As he took on projects, collaborators enjoyed the very qualities that had made the Harvard faculty seethe: for instance, his eagerness to delve into matters that seemed small for someone of his stature.

He became a co-editor of the Brookings Papers on Economic Activity, helping revive the once-vibrant journal. He took on a lucrative part-time role at D. E. Shaw & Company, a investment firm, spending a day or two a week in New York. He joined the board of Teach for America, which promotes equality in education. In interviews, people from all three organizations marveled at Mr. Summers's capacity for involvement even in minor affairs.

"The small strategic decisions add up to the whole ballgame," said Wendy Kopp, founder of Teach for America.

Around the time Mr. Summers resigned, Mr. Rubin started a small research group called the Hamilton Project and housed at the Brookings Institution, to foster new economic policy ideas. Mr. Summers threw himself into it. Asked to review papers by outside authors, he would return them with extensive comments, said Jason Furman, the former project director and chief economic adviser in the Obama campaign. "He didn't just want to sit on the board and speak at the event," said Mr. Furman, who served in the Clinton administration when Mr. Summers was Treasury secretary.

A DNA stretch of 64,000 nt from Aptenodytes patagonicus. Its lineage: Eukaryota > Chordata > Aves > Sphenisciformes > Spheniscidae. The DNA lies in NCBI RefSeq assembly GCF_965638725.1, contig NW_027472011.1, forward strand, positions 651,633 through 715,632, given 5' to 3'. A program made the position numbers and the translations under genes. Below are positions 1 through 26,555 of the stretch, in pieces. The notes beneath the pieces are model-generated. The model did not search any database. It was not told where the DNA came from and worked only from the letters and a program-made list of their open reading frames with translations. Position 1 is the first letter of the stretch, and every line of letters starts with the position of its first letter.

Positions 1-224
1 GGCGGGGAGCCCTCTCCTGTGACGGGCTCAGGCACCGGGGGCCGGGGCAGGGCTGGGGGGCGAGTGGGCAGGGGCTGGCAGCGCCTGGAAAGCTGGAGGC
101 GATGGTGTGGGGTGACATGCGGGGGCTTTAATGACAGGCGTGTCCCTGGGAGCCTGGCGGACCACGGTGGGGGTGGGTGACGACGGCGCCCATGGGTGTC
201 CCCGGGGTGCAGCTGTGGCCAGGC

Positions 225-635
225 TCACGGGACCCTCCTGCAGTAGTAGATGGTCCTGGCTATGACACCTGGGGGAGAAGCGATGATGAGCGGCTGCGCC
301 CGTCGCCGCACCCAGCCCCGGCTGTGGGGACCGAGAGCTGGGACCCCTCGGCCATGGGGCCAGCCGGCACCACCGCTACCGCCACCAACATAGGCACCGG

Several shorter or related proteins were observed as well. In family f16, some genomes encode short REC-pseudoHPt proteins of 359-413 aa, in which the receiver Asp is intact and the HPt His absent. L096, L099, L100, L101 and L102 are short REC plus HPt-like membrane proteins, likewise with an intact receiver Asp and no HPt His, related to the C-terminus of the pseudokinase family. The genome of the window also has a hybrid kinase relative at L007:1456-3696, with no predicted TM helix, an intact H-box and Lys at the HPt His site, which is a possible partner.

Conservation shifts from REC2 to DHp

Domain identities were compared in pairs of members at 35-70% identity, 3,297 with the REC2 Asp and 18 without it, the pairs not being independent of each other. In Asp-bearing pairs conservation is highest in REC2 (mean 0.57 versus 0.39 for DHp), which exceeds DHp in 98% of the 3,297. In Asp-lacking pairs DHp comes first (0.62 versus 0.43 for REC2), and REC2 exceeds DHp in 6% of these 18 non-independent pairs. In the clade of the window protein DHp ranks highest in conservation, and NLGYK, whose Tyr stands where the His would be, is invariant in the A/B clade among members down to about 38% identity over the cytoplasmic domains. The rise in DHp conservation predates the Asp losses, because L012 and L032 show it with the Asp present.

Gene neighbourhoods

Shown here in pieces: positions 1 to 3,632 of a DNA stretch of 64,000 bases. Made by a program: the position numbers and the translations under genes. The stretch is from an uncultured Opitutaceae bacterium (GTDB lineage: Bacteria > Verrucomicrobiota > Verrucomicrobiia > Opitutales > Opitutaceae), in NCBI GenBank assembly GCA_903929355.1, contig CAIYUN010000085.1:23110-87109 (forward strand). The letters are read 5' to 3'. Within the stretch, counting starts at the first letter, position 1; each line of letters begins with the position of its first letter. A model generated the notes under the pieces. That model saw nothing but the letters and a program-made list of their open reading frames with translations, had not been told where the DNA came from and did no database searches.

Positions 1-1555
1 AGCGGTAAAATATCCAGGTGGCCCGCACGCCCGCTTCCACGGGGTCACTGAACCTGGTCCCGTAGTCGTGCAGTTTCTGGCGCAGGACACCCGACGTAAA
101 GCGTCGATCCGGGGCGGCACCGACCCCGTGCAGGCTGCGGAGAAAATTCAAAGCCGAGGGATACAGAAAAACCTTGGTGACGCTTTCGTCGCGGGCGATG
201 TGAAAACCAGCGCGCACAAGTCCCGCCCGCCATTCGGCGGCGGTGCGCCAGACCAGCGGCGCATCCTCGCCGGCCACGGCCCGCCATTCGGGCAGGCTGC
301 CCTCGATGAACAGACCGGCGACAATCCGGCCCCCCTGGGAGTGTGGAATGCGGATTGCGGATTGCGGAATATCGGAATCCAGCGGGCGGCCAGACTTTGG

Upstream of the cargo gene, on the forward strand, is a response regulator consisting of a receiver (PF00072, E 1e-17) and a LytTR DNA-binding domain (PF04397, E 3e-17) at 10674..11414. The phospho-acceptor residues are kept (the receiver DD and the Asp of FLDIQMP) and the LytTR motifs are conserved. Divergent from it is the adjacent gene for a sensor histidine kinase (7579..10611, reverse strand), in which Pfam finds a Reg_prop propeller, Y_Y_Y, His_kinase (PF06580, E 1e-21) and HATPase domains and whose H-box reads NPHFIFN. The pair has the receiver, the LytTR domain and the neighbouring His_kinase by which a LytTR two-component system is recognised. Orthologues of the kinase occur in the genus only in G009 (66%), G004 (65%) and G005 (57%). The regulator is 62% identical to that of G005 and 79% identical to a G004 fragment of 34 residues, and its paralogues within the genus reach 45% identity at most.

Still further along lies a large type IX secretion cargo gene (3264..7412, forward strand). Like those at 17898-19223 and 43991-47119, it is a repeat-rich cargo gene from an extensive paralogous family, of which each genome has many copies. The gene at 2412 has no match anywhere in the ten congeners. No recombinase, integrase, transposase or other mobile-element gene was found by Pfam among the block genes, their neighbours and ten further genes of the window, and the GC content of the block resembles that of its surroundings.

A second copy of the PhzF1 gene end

For someone said to be poor at reading others, Mr. Summers has often displayed keen political instincts; after the Sept. 11, 2001, attacks, he had urged Harvard students to support the government and spoke out in support of its embattled R.O.T.C. chapter. Now, struck by the harsh consequences of globalization and income stagnation even among college graduates, Mr. Summers, known as a centrist as Treasury secretary, moved left, and in a very public forum.